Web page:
Interbike 2011: Scott Spark first ride (video)

Putting the 26 and 29er versions to the test in the desert

While the debate between best wheel size for cross country riding continues to divide families, start small conflicts on marathon start lines and produce some very shaky marketing spiel, Scott have taken the eminently sensible option.


The all new Scott Spark comes in both 26 and 29er sizes. In identical colours. With pretty much identical spec, except of course for bigger wheels and tyres on the 29er and a flat bar to keep hand height similar. Having ridden the alloy versions of both we’re no closer to deciding which format is best though as they’re both excellent at what they do.

Dawn rides after a breakfast of cold, semi-vulcanized pizza from the night before the night before aren’t the most flattering situation for any bike to start from. Especially if you ride the first mile of rolling singletrack last in a dusty line with most of a slice of that pizza still clenched in your teeth. But the incisive responsiveness of the 26in Spark still shone through the aching legs of the day before and the dangling gag of coagulated cheese.

The geometry flip chip lets you switch between a 70 or 69 degree head angle, but whichever you choose a short stem keeps reactions immediate. Unlike the increasingly fashionable long front centre bikes, the steering of the relatively short Spark all happens right under your nose rather than way out in front. That makes shoving deliberate understeer through corners feel totally natural, rather than trying to catch failing traction at full stretch. Even with a QR fork and rear end – rather than screw thru axles – those responses are very tight and truly communicated too.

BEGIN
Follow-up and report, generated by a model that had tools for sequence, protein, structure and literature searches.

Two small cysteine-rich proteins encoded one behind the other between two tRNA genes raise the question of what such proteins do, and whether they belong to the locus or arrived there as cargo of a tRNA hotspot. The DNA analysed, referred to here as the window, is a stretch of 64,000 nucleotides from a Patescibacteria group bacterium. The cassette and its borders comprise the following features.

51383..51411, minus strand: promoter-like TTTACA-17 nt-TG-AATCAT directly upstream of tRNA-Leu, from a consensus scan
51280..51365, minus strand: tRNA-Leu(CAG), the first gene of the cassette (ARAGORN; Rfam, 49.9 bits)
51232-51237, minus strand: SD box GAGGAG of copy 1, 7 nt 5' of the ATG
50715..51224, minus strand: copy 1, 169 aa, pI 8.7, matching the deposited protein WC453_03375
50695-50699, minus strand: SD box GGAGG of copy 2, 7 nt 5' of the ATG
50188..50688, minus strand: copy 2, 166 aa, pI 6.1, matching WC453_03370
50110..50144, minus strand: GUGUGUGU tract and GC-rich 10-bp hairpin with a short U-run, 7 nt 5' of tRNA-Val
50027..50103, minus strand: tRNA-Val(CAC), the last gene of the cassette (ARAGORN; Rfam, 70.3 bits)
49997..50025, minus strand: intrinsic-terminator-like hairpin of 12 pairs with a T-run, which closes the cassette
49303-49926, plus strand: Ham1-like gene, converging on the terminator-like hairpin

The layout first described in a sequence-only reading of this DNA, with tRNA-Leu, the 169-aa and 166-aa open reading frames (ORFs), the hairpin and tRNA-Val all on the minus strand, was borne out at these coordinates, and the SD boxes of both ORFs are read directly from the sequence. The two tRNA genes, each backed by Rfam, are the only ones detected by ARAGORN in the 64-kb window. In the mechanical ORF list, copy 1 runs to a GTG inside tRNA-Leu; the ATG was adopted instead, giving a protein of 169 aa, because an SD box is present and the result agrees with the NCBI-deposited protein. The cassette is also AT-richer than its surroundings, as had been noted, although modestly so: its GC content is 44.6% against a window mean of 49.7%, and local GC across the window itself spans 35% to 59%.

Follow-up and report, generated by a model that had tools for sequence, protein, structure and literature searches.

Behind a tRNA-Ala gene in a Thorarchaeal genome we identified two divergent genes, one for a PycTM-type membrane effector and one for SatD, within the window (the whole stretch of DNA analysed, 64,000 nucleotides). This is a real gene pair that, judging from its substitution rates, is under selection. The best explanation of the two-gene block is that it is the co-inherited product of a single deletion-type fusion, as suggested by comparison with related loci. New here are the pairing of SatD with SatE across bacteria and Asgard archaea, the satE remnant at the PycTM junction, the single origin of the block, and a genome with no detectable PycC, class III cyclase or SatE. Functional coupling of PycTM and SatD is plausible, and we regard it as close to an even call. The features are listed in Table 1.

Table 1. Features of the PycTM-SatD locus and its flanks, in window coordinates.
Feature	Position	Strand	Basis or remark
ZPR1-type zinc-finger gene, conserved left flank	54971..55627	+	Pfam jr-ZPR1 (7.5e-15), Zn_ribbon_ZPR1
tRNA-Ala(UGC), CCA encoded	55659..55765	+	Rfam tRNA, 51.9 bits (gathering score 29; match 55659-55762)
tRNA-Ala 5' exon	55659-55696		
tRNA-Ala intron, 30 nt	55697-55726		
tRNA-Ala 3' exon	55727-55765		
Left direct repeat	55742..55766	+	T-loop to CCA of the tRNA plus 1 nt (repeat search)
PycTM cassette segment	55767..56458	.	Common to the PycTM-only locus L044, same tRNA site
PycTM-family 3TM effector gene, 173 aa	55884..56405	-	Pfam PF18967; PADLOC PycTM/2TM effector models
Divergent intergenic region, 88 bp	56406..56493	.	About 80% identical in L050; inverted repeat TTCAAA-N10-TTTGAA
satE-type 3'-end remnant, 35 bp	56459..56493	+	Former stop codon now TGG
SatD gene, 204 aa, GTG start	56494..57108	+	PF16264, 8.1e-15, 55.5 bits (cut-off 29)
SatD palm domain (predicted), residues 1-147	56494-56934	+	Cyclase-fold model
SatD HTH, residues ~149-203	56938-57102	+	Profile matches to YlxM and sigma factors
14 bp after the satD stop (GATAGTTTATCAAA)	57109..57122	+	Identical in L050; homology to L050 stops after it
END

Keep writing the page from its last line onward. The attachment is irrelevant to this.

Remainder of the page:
The rear end is kept clean thanks to the wraparound rocker:
Russell Burton

Neat wraparound rocker

Larger diameter bearings than previous Scott bikes and a neat wraparound rocker means very little flex in the rear in either format. The DT Swiss 210 shock is equally pert and predictable. It’s not the most supple air can around and the bike isn’t going to swallow big square edges without jaw ache but then this is primarily a cross country-fast trail bike. In this context the TwinLoc remote handlebar lockout makes a lot of sense. The alloy Sparks only get a dual mode version with full open and full lockout (carbon bikes get a third intermediate ‘Traction Control’ setting) but the lever is a cinch to use and simultaneous fork and rear shock lockout will be loved by sprinters and road climbers alike.

Considering we’re talking cost conscious alloy Spark 40 versions, complete bike weights are good too, at 26.5lb for the 26 and 27.7lb for the 29er.

Speaking of the 29er, unlike many big wheeled lightweights aimed at XC riders it’s as tight, responsive and agile as the 26 in relative terms. There’s a bit of acceleration and steering stubbornness from the extra wheel inertia, but traction and stability both increase noticeably without an obvious loss of agility or infectious fun in the overall ride.

So far the standout bikes we’ve ridden in the desert, although with a day and a half of demo still to go there are still a lot more options to play on yet.

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Video: Guy Kesteven puts the Scott Spark through its paces